His output includes Ulysses (1947), a cantata on words by James Joyce (he recorded another Joyce-related work, Three Fragments from "A Portrait of the Artist as a Young Man", for Decca shortly before his death); a clarinet concertino; scores to animated films, including Animal Farm (1954); a setting of the Scottish "poet and tragedian" William McGonagall's work, The Famous Tay Whale (written for the second of Gerard Hoffnung's music festivals); three string quartets; and choral arrangements of Hungarian and Yugoslav folk songs. [7] He also wrote one opera, Eva spielt mit Puppen (1934),[8] and the ballet The Invitation. His composition for violin, Fantasia concertante was recorded by Andre Gertler.

His two comic operas, A Palágyi Pekek and Balaton, were composed for the Hungarian theatre in London, the "Londoni Pódium". A Palágyi Pékek, (libretto, György Mikes) (1943), was the first collaboration of Mátyás Seiber and George Mikes. Balaton, (libretto, György Mikes) (1944), as George Mikes has reported, was aired during the war by the BBC and, after the end of the war even made it to Budapest. [9]

Seiber used a pseudonym for his jazz works and popular music: G. S. Mathis or George Mathis (a rearrangement of his name using Anglicised forms); under this name he wrote for John Dankworth.

In 1956 he was awarded the inaugural Ivor Novello award for Best Song Musically and Lyrically for "By the Fountains of Rome," which was a hit that year in the UK Single Charts, making it to the Top Twenty. (The lyrics were by Norman Newell, and it was sung by David Hughes). [10]

Alternative name spellings[edit]

When searching for Seiber, it should be noted that there are articles with references to Seiber as Seyber and Mátyás as Matthis.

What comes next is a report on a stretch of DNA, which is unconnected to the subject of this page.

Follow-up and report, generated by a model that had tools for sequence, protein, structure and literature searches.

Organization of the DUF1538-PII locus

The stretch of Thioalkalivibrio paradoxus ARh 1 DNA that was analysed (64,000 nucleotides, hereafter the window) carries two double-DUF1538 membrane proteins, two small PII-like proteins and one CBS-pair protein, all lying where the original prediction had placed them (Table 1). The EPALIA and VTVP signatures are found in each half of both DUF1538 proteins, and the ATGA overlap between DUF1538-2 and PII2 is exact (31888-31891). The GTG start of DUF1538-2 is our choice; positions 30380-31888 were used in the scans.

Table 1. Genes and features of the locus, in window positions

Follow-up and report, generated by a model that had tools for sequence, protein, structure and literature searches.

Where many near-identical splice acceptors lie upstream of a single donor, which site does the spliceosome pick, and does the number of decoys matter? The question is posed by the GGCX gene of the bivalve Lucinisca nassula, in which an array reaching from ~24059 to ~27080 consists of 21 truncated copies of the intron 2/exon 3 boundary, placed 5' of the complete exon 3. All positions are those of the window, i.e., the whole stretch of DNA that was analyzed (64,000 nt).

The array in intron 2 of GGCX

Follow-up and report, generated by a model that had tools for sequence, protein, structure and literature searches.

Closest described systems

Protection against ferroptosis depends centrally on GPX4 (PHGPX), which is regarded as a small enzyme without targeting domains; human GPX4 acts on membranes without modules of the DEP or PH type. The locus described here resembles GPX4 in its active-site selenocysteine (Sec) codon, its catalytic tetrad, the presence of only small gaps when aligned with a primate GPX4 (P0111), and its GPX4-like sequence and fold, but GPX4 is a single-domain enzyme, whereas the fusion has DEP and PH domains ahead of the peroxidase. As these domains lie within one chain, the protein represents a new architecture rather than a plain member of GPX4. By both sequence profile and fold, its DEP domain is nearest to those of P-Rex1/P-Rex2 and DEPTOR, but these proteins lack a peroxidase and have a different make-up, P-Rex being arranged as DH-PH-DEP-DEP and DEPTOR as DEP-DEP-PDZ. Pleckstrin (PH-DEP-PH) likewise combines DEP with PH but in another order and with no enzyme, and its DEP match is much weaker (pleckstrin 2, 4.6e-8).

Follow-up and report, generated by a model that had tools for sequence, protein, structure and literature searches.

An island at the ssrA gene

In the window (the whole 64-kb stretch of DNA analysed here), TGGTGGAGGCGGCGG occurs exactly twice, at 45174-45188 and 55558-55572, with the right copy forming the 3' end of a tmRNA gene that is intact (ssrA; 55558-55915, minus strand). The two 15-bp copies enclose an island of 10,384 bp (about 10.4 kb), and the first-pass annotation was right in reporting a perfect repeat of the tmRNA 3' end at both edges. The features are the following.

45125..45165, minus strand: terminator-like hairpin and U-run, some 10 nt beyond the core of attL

Compositions (selected)[edit]

Orchestral[edit]

  • Fantasia Concertante for violin and string orchestra (1943; 17 mins.; Ars Viva Verlag, Mainz ; BL)
  • Concertino for clarinet and string orchestra (1951; 15 mins.)
  • Notturno for horn and string orchestra (1944) (8.5 mins.; Schott; BL)
  • Besardo Suite No. 2 (1942; 14 mins.; Schott; BL)
  • Elegy for viola and small orchestra (1954; 8 mins.)
  • Tre Pezzi for cello and orchestra (1957; 20 mins.; Schott; BL)
  • Improvisations for Jazz Band and Orchestra (with John Dankworth) (1959; 14 min.; BL)

Instrumental and chamber music[edit]

  • String Quartet No. 1 (1925; 18 mins.; BL)
  • String Quartet No. 2 (1935; 22 mins.; BL)
  • String Quartet No. 3, Quartettolirico (1951; (23 mins.; Schott; BL)
  • Divertimento for Clarinet and string Quartet ( 1925; Schott)
  • Permutazioni a Cinque for wind quintet (1958; 6.5 mins.; Schott; BL)
  • Violin Sonata (1960; 20mins; Schott; BL)
  • Concert Piece for violin and piano (1954; 8 mins.; Schott; BL)
  • Serenade for six wind instruments (1925; Wilhelm Hansen, Copenhagen ; BL )
  • 2 Jazzolettes for 2 saxophone, 2 &2 .(1929 and 1932; Wilhelm Hansen, Copenhagen ; BL )
  • Sonata da Camera (15 mins.)
  • Fantasia per Flauto, Corno e Quartetto d'archi (1956; Edizioni Suvini Zerboni, Milano)

Vocal works with orchestra[edit]

  • Ulysses : cantata for tenor solo, choir and orchestra (1947; 45 mins.; Schott; BL)
  • Cantata Secularis: the Four Seasons (text from the Carmina Burana) (1949-1952; 20 mins. Schott; BL)
  • Three Fragments from the Portrait of the Artist as a Young Man ( 18 min.; Schott; BL)

A cappella choral music[edit]

  • Missa Brevis (1924, revised 1950; 14 mins.; Curwen; BL)

Songs for solo voice/choral and accompaniment[edit]

  • To Poetry (1952; 18 mins.; BL)
  • The Great Tay Whale ( BL)
  • The Greek Folk Songs (11 mins.)
  • The French Songs (7 mins.)
  • Medieval French Songs
  • Petőfi Songs (4 Hungarian Folk Songs) (12 m ins.)
  • The Yugoslav Folk Songs
  • Three Hungarian Folk Songs
  • Lear Nonsense Songs

Stage/ballet[edit]

  • Eva spielt mit Puppen (1934)
  • The Invitation (1960; BL)

Selected filmography[edit]

References[edit]

Further reading[edit]

  • Karolyi, Otto. Modern British Music.: The Second British Musical Renaissance, from Elgar to P. Maxwell Davies. Associated University Presses, 1994.
  • Leach, Gerald. British Composer Profiles. A Biographical Dictionary and Chronology of Past British Composers 1800–1979. British Music Society, 1980.
  • Lyman, Darryl. Great Jews in Music. J. D. Publishers, 1986.
  • Sadie, Stanley (ed.). The New Grove Dictionary of Music and Musicians London: Macmillan Publishers, 1980.
  • Wood, Hugh; Cooke, Mervyn. "Seiber, Mátyás (György)", Grove Music Online, ed. Deane Root.

External links[edit]